In addition, fans break the flow of carbon dioxide, throwing mosquitoes off guard when they're trying to figure out exactly where you are. And, as an extra bonus, a fan keeps you cool. When you're not sweating as much and giving off as much body heat, the mosquitoes also have a more difficult time finding you and biting you.

The researchers recommend setting the fans on medium or high to get the best results.

Use Insect Repellent If You Need to

hand sprays all natural insect repellent on kid's legs outside in grass

Treehugger / Jordan Provost

Not everyone is a fan of bug spray, but sometimes, you need it when dealing with mosquitoes. Just breathing will draw mosquitoes to you. Mosquitoes are attracted to, among other things, the heat from our bodies and the carbon dioxide in our breath.

Richard Pollack, a Senior Public Health Officer at the Harvard School of Public Health and advisor to the Massachusetts Department of Agricultural Resources, told ABC News that mosquitoes are able to determine where their target is by following exhale trails.

"If you were to exercise vigorously, you would produce more carbon dioxide for a brief period," Pollack says. "You might [then] perhaps be a little more attractive to mosquitoes."

If you're being bitten, your options are to stop breathing (not really an option) or to go inside. Or, you can just make yourself less attractive to the thirsty bloodsuckers.

There are a number of proven-effective insect repellants that provide hours of protection. There are four repellants that have been approved by the U.S. Environmental Protection Agency (EPA): DEET, picaridin, oil of lemon eucalyptus, and IR3535, an amino acid that interferes with mosquitoes' sense of smell. The EPA considers DEET and picaridin "conventional repellents" and oil of lemon eucalyptus and IR3535 as "biopesticide repellents," which are made from natural materials.

The EPA offers these guidelines for the safe use of insect repellents:

  • Repellents should be applied only to exposed skin and/or clothing. Do not use under clothing.
  • Do not apply near eyes and mouth, and apply sparingly around ears.
  • When using sprays, do not spray directly into your face; spray on your hands first and then apply to your face.
  • Never use repellents over cuts, wounds, or irritated skin.
  • After returning indoors, wash treated skin and clothes with soap and water.

DEET is considered the most effective insect repellent, and the Centers for Disease Control and Prevention agrees. However, the American Academy of Pediatrics recommends DEET not be used on infants less than 2 months old. The label on products containing oil of lemon eucalyptus warns against use on children younger than age 3.

Don't waste your money on bug zappers. Mosquito traps that attract mosquitoes using carbon dioxide may kill bugs, but they may not be trapping the mosquitoes that are biting you.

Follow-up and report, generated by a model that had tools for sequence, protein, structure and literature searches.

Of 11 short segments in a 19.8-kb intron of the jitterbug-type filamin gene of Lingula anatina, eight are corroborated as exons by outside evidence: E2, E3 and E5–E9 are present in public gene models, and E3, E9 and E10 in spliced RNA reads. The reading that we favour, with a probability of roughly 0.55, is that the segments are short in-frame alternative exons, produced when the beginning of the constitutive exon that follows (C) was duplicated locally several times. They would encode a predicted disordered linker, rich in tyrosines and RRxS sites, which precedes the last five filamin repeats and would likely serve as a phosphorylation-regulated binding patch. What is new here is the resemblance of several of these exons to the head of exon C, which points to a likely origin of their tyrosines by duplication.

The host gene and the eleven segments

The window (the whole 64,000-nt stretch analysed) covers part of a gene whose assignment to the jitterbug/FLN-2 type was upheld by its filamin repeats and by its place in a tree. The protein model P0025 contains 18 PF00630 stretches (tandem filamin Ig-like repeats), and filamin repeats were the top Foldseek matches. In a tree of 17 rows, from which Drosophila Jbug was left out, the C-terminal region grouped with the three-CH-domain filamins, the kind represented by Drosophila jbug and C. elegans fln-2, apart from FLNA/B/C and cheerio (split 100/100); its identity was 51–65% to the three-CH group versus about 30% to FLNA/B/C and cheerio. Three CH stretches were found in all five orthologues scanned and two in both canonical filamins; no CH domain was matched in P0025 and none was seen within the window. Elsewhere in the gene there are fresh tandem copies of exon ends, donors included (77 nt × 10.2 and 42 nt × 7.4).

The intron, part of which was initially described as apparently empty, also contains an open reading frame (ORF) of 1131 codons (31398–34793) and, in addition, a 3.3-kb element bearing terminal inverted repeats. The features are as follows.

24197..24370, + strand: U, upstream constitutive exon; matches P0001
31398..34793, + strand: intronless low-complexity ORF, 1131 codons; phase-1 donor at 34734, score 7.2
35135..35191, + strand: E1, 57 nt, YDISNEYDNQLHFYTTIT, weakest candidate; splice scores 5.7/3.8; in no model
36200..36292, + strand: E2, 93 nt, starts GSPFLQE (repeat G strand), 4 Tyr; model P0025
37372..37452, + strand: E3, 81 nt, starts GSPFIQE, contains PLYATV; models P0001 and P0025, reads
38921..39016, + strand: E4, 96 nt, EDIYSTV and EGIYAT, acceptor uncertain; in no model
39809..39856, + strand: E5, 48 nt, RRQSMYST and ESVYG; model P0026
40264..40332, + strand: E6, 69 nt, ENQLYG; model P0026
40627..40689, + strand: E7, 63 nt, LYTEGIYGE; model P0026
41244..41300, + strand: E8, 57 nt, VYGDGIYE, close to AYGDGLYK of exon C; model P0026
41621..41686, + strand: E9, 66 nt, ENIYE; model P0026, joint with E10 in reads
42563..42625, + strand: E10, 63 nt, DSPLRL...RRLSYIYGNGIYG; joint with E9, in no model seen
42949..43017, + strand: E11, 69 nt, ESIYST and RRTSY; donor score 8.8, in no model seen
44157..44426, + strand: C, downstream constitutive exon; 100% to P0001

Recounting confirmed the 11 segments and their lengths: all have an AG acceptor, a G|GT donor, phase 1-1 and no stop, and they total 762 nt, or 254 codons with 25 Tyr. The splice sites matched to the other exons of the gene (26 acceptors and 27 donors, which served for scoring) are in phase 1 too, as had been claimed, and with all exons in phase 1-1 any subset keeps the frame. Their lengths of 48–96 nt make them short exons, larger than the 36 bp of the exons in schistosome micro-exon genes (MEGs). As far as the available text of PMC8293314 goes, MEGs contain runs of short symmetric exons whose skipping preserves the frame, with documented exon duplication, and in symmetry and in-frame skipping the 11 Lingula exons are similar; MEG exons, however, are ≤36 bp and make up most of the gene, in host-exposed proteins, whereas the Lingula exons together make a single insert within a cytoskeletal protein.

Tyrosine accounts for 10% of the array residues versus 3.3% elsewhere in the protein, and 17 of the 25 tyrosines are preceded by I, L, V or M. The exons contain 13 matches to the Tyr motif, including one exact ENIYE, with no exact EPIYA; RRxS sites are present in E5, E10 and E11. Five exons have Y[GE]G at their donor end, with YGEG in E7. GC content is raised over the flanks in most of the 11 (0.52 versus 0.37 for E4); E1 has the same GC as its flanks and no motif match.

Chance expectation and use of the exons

If All Else Fails, Play This Song

It's always a surprise to know what scientists deem worthy of research, but when it results in useful answers, why not? Researchers knew mosquitoes responded to low-frequency vibrations, so they wondered what would happen if they introduced something noisier, specifically "Scary Monsters and Nice Sprites" by dubstep artist Skrillex. And it worked. Their research, published in the journal Acta Tropica, revealed that hungry female mosquitoes had less sex and attacked less often after listening to 10 minutes of the Skrillex song.

Of course, playing that tune nonstop on your patio might drive away friends and family as well.

View Article Sources
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  2. Frequently Asked Questions.” The American Mosquito Control Association.

  3. Uniyal, Ashish et al. “Behavioral Response of Aedes aegypti Mosquito Towards Essential Oils Using Olfactometer.” Journal of Arthropod-Borne Diseases, vol. 10, no. 3, 2016, pp. 370-80.

  4. Bti for Mosquito Control. Environmental Protection Agency.

  5. Wray, Amy K., et al. "Incidence and Taxonomic Richness of Mosquitoes in the Diets of Little Brown and Big Brown Bats." Journal of Mammalogy, vol. 99, issue 3, 2018, pp. 668-674., doi:10.1093/jmammal/gyy044

  6. Hoffmann, Eric J., et al. Reassessment of the Role and Utility of Wind in Suppression of Mosquito (Diptera: Culicidae) Host Finding: Stimulus Dilution Supported Over Flight Limitation. J Med Entomol. vol. 40, 2003, pp. 607-14., doi:10.1603/0022-2585-40.5.607

  7. Raji, Joshua I., et al. Genetic Analysis of Mosquito Detection of Humans. Curr Opin Insect Sci., vol. 20, 2017, pp. 34-38., doi:10.1016/j.cois.2017.03.003

  8. Skin-Applied Repellent Ingredients.” Environmental Protection Agency.

  9. Gouge, Dawn H, et al. “Mosquito and Tick Repellents.” The University of Arizona.

  10. Using Insect Repellents Safely and Effectively.” Environmental Protection Agency.

  11. Prevent Mosquito Bites.” Centers for Disease Control and Prevention.

  12. Choosing an Insect Repellent for Your Child.” American Academy of Pediatrics

  13. Dieng, Hamady, et al. The Electronic Song "Scary Monsters and Nice Sprites" Reduces Host Attack and Mating Success in the Dengue Vector Aedes aegypti. Acta Trop., vol.194, 2019, pp. 93-99., doi:10.1016/j.actatropica.2019.03.027